4-H Volunteer Opportunities

sheep and 4-H youth exhibiting at a fairAdult volunteers play an important role in the 4-H program. They mentor 4-H youth, coordinate local community clubs, teach in 4-H school groups, and help to plan and run events. Contact the Cumberland County 4-H office to learn about how to apply and receive training to be a 4-H volunteer or check out this How Do I Become a Volunteer page.

Types of Volunteers:  

4-H Club Leader: Work in partnership with youth ages 9-18 to develop citizenship, leadership, and life skills. Whether you want to oversee a general club or a focus on a specific topic, you’ll help young people learn the importance of record keeping, public speaking, and service learning, while learning new skills and having fun.

4-H Cloverbud Leader: Work with young children ages 5-8 to introduce them to a wide variety of hands-on activities that will help them develop social skills, begin to learn about the world of 4-H, and have fun.

4-H Project Leader: Share your skills, talents or special interests such as photography, horses, dogs, rabbits, sewing, computers or woodworking. In this role, you may be called upon to offer a number of sessions at an afterschool program, or assist a club leader by sharing your expertise and working with their club members.

4-H Special Interest Club Leader: 4-H Special Interest (SPIN) Clubs are generally six sessions held on a topic of the volunteer’s choosing. Some SPIN clubs we have offered in the past include Introduction to Horses, Cake Decorating, Bees and Beyond, and more.

4-H Chaperone: Provide transportation or simply go with a youth group to a special event or activity. This could be for local, state or even national 4-H events.

Episodic 4-H Volunteer: We have a variety of volunteer opportunities that don’t require a long-term commitment. Judging at the fair, organizing the 4-H Exhibit Hall (visit the Cumberland Fair 4-H Exhibit Hall Coordinator & Committee Job Description page for more information) helping with a specific fundraiser, assisting with a garden project, scoring 4-H project records, or organizing an annual county event to name a few.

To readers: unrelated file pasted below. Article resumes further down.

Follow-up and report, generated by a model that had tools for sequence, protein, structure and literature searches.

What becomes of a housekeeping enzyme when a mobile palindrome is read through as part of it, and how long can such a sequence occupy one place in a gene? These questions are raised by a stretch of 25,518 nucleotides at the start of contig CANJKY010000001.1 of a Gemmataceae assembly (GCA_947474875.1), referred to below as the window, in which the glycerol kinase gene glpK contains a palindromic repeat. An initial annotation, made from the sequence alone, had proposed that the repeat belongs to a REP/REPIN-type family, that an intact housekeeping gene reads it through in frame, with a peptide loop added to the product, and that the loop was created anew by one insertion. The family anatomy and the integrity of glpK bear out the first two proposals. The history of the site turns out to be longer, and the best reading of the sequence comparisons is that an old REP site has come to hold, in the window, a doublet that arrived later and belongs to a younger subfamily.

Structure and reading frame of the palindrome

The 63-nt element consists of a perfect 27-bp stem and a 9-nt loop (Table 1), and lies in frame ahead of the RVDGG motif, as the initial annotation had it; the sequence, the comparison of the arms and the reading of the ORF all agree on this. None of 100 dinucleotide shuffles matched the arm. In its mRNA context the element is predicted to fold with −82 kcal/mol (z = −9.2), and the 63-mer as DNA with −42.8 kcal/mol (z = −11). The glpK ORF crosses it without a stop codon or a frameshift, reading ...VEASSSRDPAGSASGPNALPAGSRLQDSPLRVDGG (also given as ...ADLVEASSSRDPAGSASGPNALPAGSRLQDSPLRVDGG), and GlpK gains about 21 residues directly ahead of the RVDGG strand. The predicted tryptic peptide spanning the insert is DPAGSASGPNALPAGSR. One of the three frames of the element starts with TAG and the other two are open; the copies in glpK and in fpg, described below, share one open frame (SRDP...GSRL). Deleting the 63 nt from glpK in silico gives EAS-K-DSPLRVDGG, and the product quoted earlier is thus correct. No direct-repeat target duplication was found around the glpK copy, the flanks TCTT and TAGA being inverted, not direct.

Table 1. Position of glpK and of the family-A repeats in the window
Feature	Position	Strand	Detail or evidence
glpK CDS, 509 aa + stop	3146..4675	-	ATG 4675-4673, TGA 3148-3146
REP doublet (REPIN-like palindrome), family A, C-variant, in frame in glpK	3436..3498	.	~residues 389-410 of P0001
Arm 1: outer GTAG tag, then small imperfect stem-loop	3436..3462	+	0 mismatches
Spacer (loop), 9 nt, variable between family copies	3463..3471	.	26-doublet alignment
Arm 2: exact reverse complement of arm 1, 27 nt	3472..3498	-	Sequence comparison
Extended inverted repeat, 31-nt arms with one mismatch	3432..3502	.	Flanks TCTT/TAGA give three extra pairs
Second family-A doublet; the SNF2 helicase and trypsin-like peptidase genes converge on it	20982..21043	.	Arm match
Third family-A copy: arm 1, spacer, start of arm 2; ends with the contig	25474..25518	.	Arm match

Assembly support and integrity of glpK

4-H Afterschool Volunteer: Teach a special interest program in a local afterschool program.

4-H Classroom-based Volunteer:  From 4-H Science to Public Speaking, teachers can work with their whole class and participate in 4-H projects as well as county 4-H events.

4-H School Staff Volunteer:  Bring the 4-H positive youth development approach and experiential learning techniques to all your work with your students.  By becoming a certified 4-H volunteer, you can strengthen your connection to the UMaine resources and receive training to enhance your teaching.

4-H Animal Science Committee: Work with a committed group of adult and youth volunteers to focus your energy and expertise to help provide educational opportunities for youth in a variety of livestock projects.

Starting a 4-H Club:  

Traditional 4-H programs are delivered through community clubs led by volunteers. Clubs may focus on animal projects, community service, science, healthy lifestyles, or more. All clubs provide opportunities to engage positively in the community using leadership and citizenship skills gained through 4-H. Because 4-H clubs are led by volunteers each club is different. If you have looked through the list of 15+ clubs on the 4-H Clubs in Cumberland County page and cannot find a club that fits you or your child’s needs consider starting your own.

To start a club you will need to:

  • Know an adult (18+) willing to go through the 4-H Volunteer Certification process, which is explained on the How Do I Become a Volunteer? page.
  • Contact the Cumberland County 4-H Office at 207.781.6099 or email allison.pollock@maine.edu to discuss starting a club (location, club focus, age range, etc.) and to begin the volunteer certification process
  • Know or have a plan to find at least four youth from three different families interested in joining the club
  • Obtain an annual 4-H Start-Up Packet from the 4-H Office
  • A sample of how the first few meetings of a new club may be run can be found on the Table of Contents – Starting a New 4-H Club page.